that the estimated percentages of “Perceived race of offender” in
    Table 42 are not estimates.

    We
    then pretend that multiplying one estimate by another estimate yields
    a reliable, exact, specific result, and that this result is not
    itself an estimate of an estimate multiplied by an estimate.

    We
    don’t discuss any of the following relevant terminology in any
    meaningful way – estimation procedures, accuracy of estimates,
    sampling error and nonsampling error, margins of error, standard
    errors, confidence intervals, correlation values, etc.

    We
    also fail to mention that even with a confidence interval of 95%, the
    NCVS estimates could differ from the actual outcomes experienced by
    the hundreds of millions of persons in the U.S. population by as much
    as 50 percent.

    We
    also don’t discuss probability theory or calculations at all, despite
    the fact that we use the phrase “more likely … than” in our
    claim.

    (continued)

  • hennorama

    PART
    7 of 8

    (TCOC
    “methodology”, continued):

    We
    of course assume that “Blacks” are a homogeneous group, meaning
    that we can discuss “the average black” and “Blacks” as
    follows, from the 1999 version of TCOC:

    “Put
    in the most easily understood terms, the average black was therefore
    56 times more likely to commit criminal violence against a white than
    was a white to commit criminal violence against a black.”

    Other
    than that, TCOC’s calculations are accurate.

    4.
    The subject claim is “Blacks are 39 times more likely to commit a
    violent crime against whites than vice versa.” This is a MISQUOTE
    of the original TCOC claim, which is (with emphasis added) “Blacks
    are AN ESTIMATED 39 times more likely to commit a violent crime
    against a white than vice versa, and 136 times more likely to commit
    robbery.”

    The
    MISQUOTED subject claim removes the qualifying words “AN ESTIMATED”
    from the original claim, resulting in an unequivocal claim that is
    even more faulty and fallacious than the original.

    This
    is not what one does if one is interested in honest debate.

    -5.
    The FBI’s Hate Crime data for 2011 clearly calls the TCOC claim into
    question, as it shows that the race of known Hate Crime offenders was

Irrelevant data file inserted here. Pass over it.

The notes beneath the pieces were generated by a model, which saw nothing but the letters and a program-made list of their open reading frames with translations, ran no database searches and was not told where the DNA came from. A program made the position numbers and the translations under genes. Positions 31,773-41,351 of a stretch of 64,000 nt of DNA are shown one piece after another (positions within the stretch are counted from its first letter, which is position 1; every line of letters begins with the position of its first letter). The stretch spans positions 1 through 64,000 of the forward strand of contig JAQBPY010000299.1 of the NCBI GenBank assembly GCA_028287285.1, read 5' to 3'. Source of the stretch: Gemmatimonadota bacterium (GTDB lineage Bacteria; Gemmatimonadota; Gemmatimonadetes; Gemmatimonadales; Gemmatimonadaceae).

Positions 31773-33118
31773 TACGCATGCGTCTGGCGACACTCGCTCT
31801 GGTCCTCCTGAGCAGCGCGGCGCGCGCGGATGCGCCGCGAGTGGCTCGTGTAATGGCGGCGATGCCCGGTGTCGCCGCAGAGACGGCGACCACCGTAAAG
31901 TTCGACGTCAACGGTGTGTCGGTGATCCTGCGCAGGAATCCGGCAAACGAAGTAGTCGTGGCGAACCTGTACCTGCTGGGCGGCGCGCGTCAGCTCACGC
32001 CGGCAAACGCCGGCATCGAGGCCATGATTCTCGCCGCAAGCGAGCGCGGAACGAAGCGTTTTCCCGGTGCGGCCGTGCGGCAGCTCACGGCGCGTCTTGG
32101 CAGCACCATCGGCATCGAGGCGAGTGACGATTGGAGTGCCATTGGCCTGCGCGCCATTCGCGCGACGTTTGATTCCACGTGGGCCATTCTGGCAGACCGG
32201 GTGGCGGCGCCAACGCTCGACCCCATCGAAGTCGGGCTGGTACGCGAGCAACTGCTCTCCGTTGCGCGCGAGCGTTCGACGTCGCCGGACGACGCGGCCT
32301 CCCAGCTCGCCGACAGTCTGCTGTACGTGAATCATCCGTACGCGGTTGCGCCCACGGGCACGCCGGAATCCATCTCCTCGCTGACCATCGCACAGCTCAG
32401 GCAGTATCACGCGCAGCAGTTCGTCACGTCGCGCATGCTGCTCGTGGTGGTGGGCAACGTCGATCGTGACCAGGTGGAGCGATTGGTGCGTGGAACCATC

roughly in line with the racial demographic composition of the US
    population, and that single-bias hate crime offense motivations were
    nearly a mirror image of the “White alone” and Black or African
    American alone” U.S. racial demographics.

    (2009
    Census data indicates “White alone” as 79.57 percent, ”Black or
    African American alone” as 12.91 percent)

    See:

    http://www.fbi.gov/about-us/cjis/ucr/hate-crime/2011/narratives/offenders

    http://www.fbi.gov/about-us/cjis/ucr/hate-crime/2011/narratives/incidents-and-offenses
    (continued)

  • hennorama

    PART
    8 of 8

    Interracial
    crime is not in and of itself indicative of racism or bias on the
    part of the offender, but the claims in TCOC would lead one to think
    that it is, as it contains phrases such as “when blacks commit
    violent crimes they target whites…” and similar.

    True
    “Hate Crimes” are rare, thankfully, and the FBI uses a narrow
    definition and careful methodology. I’ll quote the most pertinent
    part:

    “Because
    motivation is subjective, it is sometimes difficult to know with
    certainty whether a crime resulted from the offender’s bias.
    Moreover, the presence of bias alone does not necessarily mean that a
    crime can be considered a hate crime. Only when law enforcement
    investigation reveals sufficient evidence to lead a reasonable and
    prudent person to conclude that the offender’s actions were
    motivated, in whole or in part, by his or her bias, should an
    incident be reported as a hate crime.”

    See:http://www.fbi.gov/about-us/cjis/ucr/hate-crime/2011/resources/methodology

    =========================

    Summing
    up:

    Both
    the subject claim “Blacks are 39 times more likely to commit a
    violent crime against whites than vice versa” and its source, the
    claim from the 2005 version of TCOC, that “Blacks are an estimated
    39 times more likely to commit a violent crime against a white than
    vice versa, and 136 times more likely to commit robbery” misuse and
    misrepresent otherwise valid statistical data, manipulate said data
    without regard for its clear limitations. They then take the
    resultant invalid calculations and project them onto an entire race
    of people, in an effort to prove their pre-drawn conclusions about
    “Blacks”

    .

    These
    claims are nothing but Lies, damned lies, and statistics.

    One might even call them
    equine excrement.

    • HonestDebate1

      Let’s assume you are correct (I don’t), throw out all the alleged vagaries and exaggerations, and say it’s just twice as likely. Better?